Bridgend LDP Inspector’s Report

(Pic: Barrett Homes)

Over the last few months, a series of hearings were held by the planning inspector appointed by the Welsh Government in order to finalise Bridgend’s Local Development Plan, which will outline land use in the county until 2021.

Late last month, the planning inspector’s report was released by Bridgend Council, and is available here (pdf).

Most of the changes relate to wording within the report, as well as some modest changes to the proposals map as a result of the recommendations. The vast bulk of the changes aren’t worth covering in detail, but there were also more substantial changes outlined by the inspector.

Recommended changes from the Deposit LDP


  • An alternative site at Llangewydd Road, Cefn Glas has been included for housing development. (228 dwellings)
  • Reduced housing allocation at Porthcawl Waterfront from 1,350 to 1,050.
  • Increased housing allocations at (not a conclusive list):
    • Parc Derwen (+15)
    • Waterton Lane, Bridgend (+48)
    • North East Brackla/Brackla Industrial Estate (+200)
    • Parc Afon Ewenni (+100)
    • Maesteg Road, Tondu (+102)
    • Coronation Works, Evanstown (+11)
    • Y Parc, Maesteg (+31)

Employment & Economic Development
  • The total amount of vacant employment land has been reduced to 120 hectares, but it’s said even this would result in a “generous surplus”.
  • Land for employment use at Waterton has been reduced by more than half.
  • Land at Ty Draw Farm for employment use has been reduced by two thirds.
  • Development of Island Farm is said to be “uncertain”, with a lack of evidence that the scheme is “deliverable”. However, no changes are outlined, while proposals to adopt a “more flexible (development) policy” there have been dismissed.
  • It’s said there were “deficiencies” in the CACI retail needs report, and Bridgend town centre’s retail needs might have been under-stated. However, the inspector believes there’s little need for an additional supermarket in Bridgend itself (mooted for the Police HQ), especially with the plans in Porthcawl.

  • It’s made clear that there are no plans for a park and ride site on Cefn Hirgoed Common near J36 of the M4, instead there’ll be “park and share” lay-bys, with a similar scheme mooted for J35 in Pencoed too.
  • It appears as if the Garw Valley railway corridor has been protected from development, and there are proposals for a heritage railway there.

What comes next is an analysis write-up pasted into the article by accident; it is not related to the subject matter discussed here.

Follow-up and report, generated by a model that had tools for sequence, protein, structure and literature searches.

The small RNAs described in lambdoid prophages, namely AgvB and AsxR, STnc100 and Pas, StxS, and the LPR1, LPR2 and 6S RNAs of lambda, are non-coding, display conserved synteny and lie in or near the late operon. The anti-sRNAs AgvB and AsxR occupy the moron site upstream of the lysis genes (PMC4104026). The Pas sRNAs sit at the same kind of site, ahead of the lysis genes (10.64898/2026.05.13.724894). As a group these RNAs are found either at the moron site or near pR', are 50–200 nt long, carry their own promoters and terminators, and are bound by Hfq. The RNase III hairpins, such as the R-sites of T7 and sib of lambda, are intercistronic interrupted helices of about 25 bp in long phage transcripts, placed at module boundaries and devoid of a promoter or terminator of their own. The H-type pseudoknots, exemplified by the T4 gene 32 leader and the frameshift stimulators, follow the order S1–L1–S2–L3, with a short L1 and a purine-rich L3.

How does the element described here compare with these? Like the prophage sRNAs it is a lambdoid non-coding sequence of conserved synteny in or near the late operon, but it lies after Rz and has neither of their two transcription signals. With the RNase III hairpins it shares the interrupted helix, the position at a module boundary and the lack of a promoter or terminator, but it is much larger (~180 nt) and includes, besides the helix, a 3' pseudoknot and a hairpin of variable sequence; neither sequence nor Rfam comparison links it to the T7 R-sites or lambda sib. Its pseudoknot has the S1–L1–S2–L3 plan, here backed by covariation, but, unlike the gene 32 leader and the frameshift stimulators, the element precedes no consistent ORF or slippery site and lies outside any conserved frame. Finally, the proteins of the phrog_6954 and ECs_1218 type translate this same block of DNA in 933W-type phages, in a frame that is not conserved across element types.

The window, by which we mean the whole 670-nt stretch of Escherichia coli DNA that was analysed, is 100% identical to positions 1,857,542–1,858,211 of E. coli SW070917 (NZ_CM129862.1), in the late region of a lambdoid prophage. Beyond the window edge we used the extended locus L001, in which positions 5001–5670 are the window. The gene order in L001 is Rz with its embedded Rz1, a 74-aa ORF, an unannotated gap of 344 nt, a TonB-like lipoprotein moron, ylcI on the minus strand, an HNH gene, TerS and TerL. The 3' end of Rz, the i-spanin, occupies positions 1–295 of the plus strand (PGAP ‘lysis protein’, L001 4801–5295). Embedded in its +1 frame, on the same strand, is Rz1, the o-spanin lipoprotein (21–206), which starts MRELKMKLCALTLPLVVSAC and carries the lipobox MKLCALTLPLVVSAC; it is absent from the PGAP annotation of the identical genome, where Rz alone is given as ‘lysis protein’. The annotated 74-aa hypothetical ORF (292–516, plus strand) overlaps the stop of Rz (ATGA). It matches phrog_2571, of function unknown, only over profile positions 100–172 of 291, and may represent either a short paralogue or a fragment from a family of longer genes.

Environment & Minerals
  • There were disputes between the council and industry over aggregates reserves in the county, in part to cover a projected shortfall in the Vale of Glamorgan. The inspector recommends that the passages in question be changed to be “more general” so it doesn’t pre-judge the VoG’s own LDP.
  • The policy relating to gas extraction should be modified to include all forms of gas, not just coal bed methane. There’s currently a “fracking” test-drill site proposed on the outskirts of Merthyr Mawr, as well as one in the Maesteg area.
  • Policies relating to coal mining – BCBC’s general presumption that coal extraction is “unacceptable” – and in relation to the (controversial) MTAN 2, were said to be “vague or ill-defined”.
  • The inspector proposed amendments to precisely where wind-farm developments can be located, after the submitted proposals were dubbed “incoherent” as the wording both allowed and prevented developments outside a “Specific Search Area”.


Island Farm is beginning to worry me. I still support the principle of the “sports village”, but seeing as there’s no likely tenant for the main stadium, Bridgend Ravens seem quite happy at the Brewery Field and Penybont FC have set up a permanent-looking home in Bryntirion, the chances of this development coming to be are receding.

Although the inspector implies the Island Farm plans should remain as they are, I think the proposals will have to change to make it viable – probably dropping the main stadium or reducing the overall size of the development. But if it changes to include housing, a lot of goodwill HD Ltd received when they put the proposals forward will evaporate.

On housing in general, like elsewhere in Wales, Bridgend has increased its housing allocations. I think it was sensible to reduce the numbers of houses planned in the Porthcawl regeneration area, as those levels of development (in the current economic climate) are optimistic. I still think the figure’s too high, to be honest. I don’t see where all these extra residents are coming from, I don’t see how they’re going to get built in the timescales put forward, and I don’t see the likes of Parc Afon Ewenni getting developed any time soon. Parc Derwen’s taking long enough.

In the end it looks as though there haven’t been any major issues with Bridgend’s LDP, and it’s likely to be adopted by Bridgend Council later this year – thus coming into legal effect.